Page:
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Iron, steel for new Windsor-Detroit bridge must come from Canada or U.S.

Traffic bound for Detroit approaches Windsor’s Ambassador Bridge

GEOFF ROBINS/geoff robins The Globe and Mail

The Conservative government and the Michigan governor's office have secured a deal to build a second bridge between Windsor and Detroit – a historic accord aimed at unclogging North America's most important trade artery after decades of setbacks.

Prime Minister Stephen Harper will visit Windsor and Detroit on Friday to unveil the agreement alongside Michigan Governor Rick Snyder.

The bridge deal creates an authority to oversee the construction, operation and financing of the project, which is forecast to cost as much as $4-billion and take up to five years to build.

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The new bridge, currently known as the Detroit River International Crossing or the New International Trade Crossing, will offer an alternative route for trucks at Canada's busiest commercial border conduit – one that carries one-quarter of the goods traded between Canada and the United States each year.

The bridge agreement is a victory for Mr. Harper, who has championed efforts to ease trade with the United States through his perimeter security accord with U.S. President Barack Obama.

But it is also a feat for Mr. Snyder, who struck a deal over the opposition of the Michigan legislature, which has refused to make any money available to finance the project.

Despite the agreement, the struggle is far from over to build the bridge.

Matty Moroun, the Detroit owner of the existing Ambassador Bridge, has fought against a second span with political manoeuvres and public relations campaigns.

He is expected to launch further legal action to thwart this deal. Mr. Moroun is also trying to enshrine into Michigan's constitution a rule requiring a state-wide referendum before another bridge is built.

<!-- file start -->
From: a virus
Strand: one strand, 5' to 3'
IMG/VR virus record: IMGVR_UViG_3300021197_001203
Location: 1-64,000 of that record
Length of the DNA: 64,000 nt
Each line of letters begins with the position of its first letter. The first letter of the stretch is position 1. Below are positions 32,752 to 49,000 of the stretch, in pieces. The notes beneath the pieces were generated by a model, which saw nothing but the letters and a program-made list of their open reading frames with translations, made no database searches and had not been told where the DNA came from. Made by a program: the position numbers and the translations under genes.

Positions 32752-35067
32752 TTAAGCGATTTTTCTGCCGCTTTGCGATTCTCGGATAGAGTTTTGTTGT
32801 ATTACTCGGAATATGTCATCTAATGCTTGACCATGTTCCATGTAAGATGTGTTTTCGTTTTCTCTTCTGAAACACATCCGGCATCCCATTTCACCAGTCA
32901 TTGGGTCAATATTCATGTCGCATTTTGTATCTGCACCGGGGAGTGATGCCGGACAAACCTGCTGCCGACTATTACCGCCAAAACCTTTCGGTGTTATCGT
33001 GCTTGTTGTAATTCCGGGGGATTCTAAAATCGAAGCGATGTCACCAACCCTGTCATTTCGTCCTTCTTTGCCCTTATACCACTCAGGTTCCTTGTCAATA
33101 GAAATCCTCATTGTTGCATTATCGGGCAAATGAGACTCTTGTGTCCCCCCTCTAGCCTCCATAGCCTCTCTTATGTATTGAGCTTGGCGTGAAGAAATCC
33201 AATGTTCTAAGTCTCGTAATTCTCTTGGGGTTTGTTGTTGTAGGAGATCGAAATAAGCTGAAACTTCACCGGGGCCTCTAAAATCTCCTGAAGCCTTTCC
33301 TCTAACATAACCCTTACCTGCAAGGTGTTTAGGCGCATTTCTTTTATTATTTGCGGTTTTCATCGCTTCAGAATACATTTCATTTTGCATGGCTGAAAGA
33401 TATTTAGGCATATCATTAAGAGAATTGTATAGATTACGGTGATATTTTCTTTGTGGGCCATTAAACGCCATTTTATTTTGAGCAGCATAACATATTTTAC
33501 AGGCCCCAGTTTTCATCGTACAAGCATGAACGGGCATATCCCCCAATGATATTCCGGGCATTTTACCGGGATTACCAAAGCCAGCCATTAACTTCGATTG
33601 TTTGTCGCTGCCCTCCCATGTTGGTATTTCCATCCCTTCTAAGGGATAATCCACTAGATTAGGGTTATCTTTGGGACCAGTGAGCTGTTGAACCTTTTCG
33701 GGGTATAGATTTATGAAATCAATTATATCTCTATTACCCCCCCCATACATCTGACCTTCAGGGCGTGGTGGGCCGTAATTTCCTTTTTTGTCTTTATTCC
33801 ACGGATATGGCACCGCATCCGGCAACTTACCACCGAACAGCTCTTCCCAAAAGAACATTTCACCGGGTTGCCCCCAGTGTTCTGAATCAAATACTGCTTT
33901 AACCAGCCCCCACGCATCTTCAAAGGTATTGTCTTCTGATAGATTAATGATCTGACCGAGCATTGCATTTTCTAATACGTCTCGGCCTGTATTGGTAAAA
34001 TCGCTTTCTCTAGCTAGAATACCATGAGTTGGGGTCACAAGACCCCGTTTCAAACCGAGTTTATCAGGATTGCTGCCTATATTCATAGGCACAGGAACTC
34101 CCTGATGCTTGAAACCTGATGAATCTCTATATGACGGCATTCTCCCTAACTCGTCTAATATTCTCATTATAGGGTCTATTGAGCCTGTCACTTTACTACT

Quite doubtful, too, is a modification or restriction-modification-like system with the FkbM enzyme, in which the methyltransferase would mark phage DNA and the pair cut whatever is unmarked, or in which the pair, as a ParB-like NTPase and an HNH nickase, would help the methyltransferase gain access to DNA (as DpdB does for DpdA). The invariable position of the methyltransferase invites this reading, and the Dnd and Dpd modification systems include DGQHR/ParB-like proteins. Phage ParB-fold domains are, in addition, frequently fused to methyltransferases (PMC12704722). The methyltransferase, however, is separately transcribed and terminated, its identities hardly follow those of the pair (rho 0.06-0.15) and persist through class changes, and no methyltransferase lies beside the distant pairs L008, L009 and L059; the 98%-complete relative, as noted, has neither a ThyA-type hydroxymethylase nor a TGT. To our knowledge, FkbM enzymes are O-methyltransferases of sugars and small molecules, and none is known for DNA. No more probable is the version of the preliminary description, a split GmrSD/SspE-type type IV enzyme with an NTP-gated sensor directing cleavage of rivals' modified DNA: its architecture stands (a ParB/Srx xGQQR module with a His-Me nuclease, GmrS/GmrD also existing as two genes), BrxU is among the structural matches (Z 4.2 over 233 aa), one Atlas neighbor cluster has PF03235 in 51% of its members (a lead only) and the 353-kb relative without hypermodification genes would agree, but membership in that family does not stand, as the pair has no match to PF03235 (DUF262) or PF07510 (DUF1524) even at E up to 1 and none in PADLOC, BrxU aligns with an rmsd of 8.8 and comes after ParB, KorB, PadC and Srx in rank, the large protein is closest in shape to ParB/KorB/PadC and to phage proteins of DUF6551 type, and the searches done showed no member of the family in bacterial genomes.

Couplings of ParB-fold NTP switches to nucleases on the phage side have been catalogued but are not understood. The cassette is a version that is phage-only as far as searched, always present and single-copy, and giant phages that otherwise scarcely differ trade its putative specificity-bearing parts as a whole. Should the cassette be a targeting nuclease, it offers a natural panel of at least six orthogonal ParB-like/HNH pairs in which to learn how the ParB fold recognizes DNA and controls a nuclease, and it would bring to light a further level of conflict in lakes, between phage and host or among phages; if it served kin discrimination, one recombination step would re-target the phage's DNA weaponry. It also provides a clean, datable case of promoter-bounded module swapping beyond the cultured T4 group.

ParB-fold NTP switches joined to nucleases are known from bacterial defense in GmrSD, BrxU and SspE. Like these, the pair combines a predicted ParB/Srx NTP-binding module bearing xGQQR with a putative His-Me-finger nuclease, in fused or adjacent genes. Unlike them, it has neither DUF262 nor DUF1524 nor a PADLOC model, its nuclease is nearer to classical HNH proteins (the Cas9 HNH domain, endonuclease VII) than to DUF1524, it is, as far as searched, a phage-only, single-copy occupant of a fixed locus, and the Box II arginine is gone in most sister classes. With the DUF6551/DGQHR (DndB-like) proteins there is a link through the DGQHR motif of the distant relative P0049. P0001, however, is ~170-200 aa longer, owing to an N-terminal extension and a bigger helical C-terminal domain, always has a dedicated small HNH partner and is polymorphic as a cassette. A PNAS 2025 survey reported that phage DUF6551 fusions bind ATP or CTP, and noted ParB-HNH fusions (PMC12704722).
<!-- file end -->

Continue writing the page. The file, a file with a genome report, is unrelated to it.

The agreement requires Canada and the United States to compromise on a hot-button subject: the rules stipulating where the material to build the bridge and associated U.S. infrastructure must come from. Canada would have preferred a no-restrictions approach to steel and other materials, while Michigan had favoured a "buy American" rule.

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The tradeoff is that all iron and steel for any component of the bridge, or the approaches and customs plaza on the U.S. side, must originate from Canada or the United States. The measure is an attempt to reassure Michiganders who were warned by bridge opponents that the steel might come from cheaper overseas suppliers in China or South Korea.

Canadian steel mills produce the plate and concrete reinforcing bar that will be used in the bridge, but the main structural support beams will likely come from U.S. mills.

The fact that Canada even gets a say on the origin of materials for the U.S. infrastructure reflects the financial burden Ottawa is assuming.